I’m really not saying that I don’t love what I am doing and your right about different opportunities that teachers can have during a summer. I’m not comparing myself to what you do or what you would like to have or if you had a similar schedule what you could accomplish or again what 99.9% of other teachers decide to do with their summer. I think that’s the point that makes me different and hopefully offer another perspective than what you might be used to from the other teachers in your family.

    I’m not complaining about summers or vacation time or anything like that, but they do act as a crutch to maintain the status quo.

  6. JDC says:

    A very interesting perspective … and hat’s off to you Clinton for looking around at the big picture … it’s very rare that I hear of someone looking to leave the teaching profession early given the benefits and vacation & holiday time given.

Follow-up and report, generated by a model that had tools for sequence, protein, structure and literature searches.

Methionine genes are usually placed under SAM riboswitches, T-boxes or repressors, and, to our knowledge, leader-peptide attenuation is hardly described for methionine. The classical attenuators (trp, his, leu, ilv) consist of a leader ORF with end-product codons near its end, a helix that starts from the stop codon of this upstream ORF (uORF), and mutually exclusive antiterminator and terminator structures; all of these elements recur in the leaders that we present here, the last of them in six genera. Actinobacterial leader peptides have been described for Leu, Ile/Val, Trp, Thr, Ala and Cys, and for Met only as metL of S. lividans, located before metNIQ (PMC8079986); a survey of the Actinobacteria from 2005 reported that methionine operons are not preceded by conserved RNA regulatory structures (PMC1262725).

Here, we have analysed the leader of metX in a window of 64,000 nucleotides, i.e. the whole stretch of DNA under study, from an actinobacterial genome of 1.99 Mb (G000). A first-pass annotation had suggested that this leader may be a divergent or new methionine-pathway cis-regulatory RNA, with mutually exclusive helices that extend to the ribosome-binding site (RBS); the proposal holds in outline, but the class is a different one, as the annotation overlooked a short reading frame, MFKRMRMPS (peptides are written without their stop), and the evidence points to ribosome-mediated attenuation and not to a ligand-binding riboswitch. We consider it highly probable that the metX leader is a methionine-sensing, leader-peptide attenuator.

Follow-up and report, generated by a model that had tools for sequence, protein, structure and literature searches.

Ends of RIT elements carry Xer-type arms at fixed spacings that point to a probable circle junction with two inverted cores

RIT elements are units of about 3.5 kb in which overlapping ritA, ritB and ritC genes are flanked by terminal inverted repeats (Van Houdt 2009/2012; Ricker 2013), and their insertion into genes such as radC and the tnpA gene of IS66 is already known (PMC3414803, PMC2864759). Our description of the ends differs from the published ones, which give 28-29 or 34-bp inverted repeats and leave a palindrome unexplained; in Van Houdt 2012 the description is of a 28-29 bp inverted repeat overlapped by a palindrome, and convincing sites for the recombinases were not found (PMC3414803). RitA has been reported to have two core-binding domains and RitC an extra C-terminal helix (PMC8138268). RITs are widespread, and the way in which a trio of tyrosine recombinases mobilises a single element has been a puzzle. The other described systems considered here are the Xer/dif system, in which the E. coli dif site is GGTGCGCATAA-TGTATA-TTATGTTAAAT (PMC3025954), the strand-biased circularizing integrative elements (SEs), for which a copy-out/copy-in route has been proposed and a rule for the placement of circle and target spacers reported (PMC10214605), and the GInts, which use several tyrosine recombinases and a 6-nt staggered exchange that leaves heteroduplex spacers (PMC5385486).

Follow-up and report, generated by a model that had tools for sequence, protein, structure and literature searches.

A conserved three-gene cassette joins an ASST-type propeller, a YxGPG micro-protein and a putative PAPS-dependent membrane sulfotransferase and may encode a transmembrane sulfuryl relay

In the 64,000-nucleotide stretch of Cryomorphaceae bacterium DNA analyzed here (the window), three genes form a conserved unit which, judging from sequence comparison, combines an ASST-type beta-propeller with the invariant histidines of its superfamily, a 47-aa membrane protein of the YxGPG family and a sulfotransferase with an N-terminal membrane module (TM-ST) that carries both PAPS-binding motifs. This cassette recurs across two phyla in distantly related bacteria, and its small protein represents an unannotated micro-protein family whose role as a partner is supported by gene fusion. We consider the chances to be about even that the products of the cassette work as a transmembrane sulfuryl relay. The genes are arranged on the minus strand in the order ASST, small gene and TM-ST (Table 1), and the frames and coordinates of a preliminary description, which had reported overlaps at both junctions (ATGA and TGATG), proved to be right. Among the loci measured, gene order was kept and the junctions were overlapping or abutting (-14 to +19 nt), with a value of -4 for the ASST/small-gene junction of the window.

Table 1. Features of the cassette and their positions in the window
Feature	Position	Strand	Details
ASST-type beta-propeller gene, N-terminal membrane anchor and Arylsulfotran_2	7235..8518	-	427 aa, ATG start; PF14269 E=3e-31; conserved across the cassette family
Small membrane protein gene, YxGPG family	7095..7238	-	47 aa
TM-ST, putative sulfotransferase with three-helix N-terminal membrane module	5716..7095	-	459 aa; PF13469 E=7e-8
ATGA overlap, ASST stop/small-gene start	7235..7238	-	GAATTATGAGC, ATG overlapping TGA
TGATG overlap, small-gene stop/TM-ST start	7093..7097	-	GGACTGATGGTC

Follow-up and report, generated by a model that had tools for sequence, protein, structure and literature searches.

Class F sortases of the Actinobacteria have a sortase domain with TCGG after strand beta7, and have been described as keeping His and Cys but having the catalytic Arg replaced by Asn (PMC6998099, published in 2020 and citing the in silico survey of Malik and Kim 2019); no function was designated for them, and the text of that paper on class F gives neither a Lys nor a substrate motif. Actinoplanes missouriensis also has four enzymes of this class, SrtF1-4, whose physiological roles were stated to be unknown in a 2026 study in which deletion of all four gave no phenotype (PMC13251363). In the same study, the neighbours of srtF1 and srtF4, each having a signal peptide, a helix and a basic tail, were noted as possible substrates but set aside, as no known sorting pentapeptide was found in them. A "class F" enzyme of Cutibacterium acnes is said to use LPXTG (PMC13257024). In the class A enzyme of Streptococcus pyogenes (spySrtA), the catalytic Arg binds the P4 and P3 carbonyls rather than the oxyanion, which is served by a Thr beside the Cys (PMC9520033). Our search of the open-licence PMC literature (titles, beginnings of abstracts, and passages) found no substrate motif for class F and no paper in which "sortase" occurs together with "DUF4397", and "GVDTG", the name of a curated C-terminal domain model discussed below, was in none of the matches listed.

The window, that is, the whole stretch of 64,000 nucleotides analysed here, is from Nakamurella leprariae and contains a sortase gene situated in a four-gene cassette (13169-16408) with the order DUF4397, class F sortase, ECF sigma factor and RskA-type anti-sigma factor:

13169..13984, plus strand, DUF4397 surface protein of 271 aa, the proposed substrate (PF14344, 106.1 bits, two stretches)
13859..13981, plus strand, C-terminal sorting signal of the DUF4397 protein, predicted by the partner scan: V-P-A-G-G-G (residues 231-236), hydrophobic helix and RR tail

I guess the saying that the grass is always greener on the other side is true!

    Having grown up with a family business, and having worked in the manufacturing sector (not family business) for the last 20 years, I often look back at the teaching profession and kick myself for not considering it more seriously than I did … things like job security, benefits, pension, and vacation time rate much higher on my list now than they did then given some of the “life’s happenings” that have occurred, but hindsight is 20/20 …

    Thanks for being open and honest!